Educational Adventures in Arizona

Monday, January 14, 2008

CIVIL WAR DEMO~ January 12, 2008

American Civil War, December 1862: Major General Ambrose Burnside, in command of the Union Army of the Potomac, sent troops to occupy the vicinity of Fredericksburg. General Robert E. Lee reacted by entrenching the Confederate Army of Northern Virginia on the heights behind the town. Burnside originally planned to cross the Rappahannock River 10 miles downstream from the town of Fredericksburg, but Confederate troops arrived there and blocked him. So he decided to cross directly at Fredericksburg. On December 12th, the Federal army went over the river and through the town. Over the next couple of days, Burnside mounted a series of assaults on Prospect Hill and Marye’s Heights which proved futile. Consequently, Burnside called off the offensive on December 15 and retreated across the river, ending the campaign and resulting in a Confederate victory.

Public Domain Image: Battle of Fredericksburg by Kurz and Allison

Several families in our homeschool group stepped back in time to the day when the Union Army attacked the town of Fredericksburg in December 1862. The boys in particular really got into it and had a blast! The Battle of Fredericksburg re-enactment took place at Pioneer Village, Arizona's most historically accurate living history site, with 90 acres located off I-17 just south of Anthem.

Considering all of the unusually rainy weekends we've had lately, we were lucky that it was a beautiful clear winter day. The re-enactors said that it was perfect weather for wearing their wool uniforms - but even so, they still got hot marching out there under the bright desert sun!

We arrived at 9:00 am when the gates opened and that gave us plenty of time to visit the Union soldiers' camp before the fighting began. Both Union and Confederate re-enactors are a great bunch of guys, eager to offer information and answer questions.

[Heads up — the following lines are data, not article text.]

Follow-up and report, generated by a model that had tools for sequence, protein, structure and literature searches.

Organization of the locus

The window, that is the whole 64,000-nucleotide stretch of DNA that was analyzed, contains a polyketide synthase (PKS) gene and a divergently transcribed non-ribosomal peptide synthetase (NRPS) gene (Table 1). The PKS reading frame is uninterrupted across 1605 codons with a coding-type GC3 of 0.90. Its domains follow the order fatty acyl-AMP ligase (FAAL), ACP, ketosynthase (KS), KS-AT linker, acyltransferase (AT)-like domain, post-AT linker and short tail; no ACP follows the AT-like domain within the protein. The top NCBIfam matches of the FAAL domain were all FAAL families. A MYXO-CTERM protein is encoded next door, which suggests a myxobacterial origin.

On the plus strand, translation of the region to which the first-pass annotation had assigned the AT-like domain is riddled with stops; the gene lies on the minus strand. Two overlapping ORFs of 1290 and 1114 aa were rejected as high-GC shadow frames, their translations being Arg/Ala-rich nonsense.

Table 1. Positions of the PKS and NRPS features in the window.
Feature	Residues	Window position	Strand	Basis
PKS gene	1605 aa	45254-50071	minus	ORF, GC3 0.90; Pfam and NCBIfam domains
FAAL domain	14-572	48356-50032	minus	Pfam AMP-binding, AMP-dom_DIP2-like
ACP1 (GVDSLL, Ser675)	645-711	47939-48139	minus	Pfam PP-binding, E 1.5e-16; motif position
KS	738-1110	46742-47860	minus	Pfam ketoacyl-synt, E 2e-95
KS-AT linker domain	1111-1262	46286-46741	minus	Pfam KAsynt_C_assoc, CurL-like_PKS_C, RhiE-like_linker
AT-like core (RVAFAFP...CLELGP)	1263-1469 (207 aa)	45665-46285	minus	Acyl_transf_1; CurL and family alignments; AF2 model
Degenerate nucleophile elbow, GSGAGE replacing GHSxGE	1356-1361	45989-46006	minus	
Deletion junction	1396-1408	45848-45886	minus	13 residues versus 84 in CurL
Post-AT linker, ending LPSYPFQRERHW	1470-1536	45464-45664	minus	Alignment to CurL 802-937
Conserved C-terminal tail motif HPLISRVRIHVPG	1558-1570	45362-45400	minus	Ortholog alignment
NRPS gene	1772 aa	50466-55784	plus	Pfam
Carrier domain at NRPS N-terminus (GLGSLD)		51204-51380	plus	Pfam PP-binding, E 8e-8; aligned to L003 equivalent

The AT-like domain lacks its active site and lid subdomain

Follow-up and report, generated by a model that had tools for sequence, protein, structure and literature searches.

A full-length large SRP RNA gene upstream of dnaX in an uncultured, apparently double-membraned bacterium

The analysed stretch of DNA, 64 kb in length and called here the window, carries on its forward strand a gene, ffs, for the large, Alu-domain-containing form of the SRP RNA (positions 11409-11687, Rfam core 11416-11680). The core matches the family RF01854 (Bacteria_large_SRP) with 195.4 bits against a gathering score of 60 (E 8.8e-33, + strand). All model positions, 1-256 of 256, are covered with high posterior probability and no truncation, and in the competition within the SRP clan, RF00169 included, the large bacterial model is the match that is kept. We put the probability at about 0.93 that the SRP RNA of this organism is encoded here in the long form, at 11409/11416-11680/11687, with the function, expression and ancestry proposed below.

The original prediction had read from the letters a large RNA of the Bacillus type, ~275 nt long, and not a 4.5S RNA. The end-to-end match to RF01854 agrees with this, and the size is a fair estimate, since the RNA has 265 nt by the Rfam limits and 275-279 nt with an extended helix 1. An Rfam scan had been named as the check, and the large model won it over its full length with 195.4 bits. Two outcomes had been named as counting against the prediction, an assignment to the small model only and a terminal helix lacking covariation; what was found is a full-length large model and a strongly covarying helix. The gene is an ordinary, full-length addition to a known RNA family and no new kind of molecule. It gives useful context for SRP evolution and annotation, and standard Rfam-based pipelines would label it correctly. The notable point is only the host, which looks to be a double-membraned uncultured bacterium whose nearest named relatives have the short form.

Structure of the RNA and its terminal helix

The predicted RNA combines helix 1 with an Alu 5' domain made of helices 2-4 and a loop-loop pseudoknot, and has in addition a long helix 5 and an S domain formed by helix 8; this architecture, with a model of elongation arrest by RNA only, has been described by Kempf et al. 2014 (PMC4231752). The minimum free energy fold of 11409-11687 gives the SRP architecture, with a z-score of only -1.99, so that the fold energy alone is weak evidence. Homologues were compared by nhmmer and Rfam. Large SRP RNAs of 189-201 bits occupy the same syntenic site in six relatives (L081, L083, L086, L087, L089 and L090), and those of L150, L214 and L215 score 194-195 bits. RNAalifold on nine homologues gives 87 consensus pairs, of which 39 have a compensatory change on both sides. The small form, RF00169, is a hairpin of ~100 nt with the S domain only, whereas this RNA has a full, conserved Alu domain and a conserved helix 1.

A Civil War Encampment, where soldiers slept in canvas tents.

The troops would practice loading their weapons, attaching bayonets, and performing various maneuvers. The boys in our group lined up to drill with the soldiers.

"The first thing in the morning is drill. Then drill, then drill again. Then drill, drill, a little more drill. Then drill, and lastly drill."

Live demonstrations focused on Weapons, Cooking, and Camp Life. The kids rolled paper ammo cartridges, got to hold a gun (the average musket weighs 8-9 pounds), and ate a piece of hardtack (a flour-and-water biscuit, which in those days often became infested with weevils and maggots).

Relaxing around the campfire. When not drilling, standing guard, or faced with the sheer terror of battle, soldiers would spend their spare time reading, writing letters to loved ones, playing cards and other games.

Union troops getting ready for action. It was a great honor to be the flag bearer and when a flag bearer fell in battle, someone else would leap forward to take his place. But their mortality rate was quite high since the goal of the opposing force was to seize the enemies' colors.

The Union Troops Advance Through Fredericksburg!

Confederate citizens either went into hiding, ran away, or prepared to defend their homes and businesses as the Union army invaded their town.

Some of the townspeople got involved in the street fight. (It was an exciting interactive experience for the spectators, too. A gang of boys - mine included! - ran after the Union army, tossing rolled-up newspaper "rocks" at them, but there was so much commotion at the time that I didn't get a picture of that!)

The Confederate troops fall back as the Union army advances. (Newspaper ball "rocks" can be seen on the ground behind them.)

Union soldiers ransacked the town (and got back at the boys who had pelted them with "rocks" by throwing ladies' clothing at them).

Union troops gathering in front of the bank.

Hanging out at the Sheriff's Office.

The Union Army's orders were: "Push a column of a division or more along the Plank and Telegraph roads, with a view to seizing the heights in the rear of the town." In the battle of Marye's Heights, Union troops tried to take the hill, but the Confederates were already entrenched behind a stone wall.

Confederate troops on the march.

Casualties lying in the street.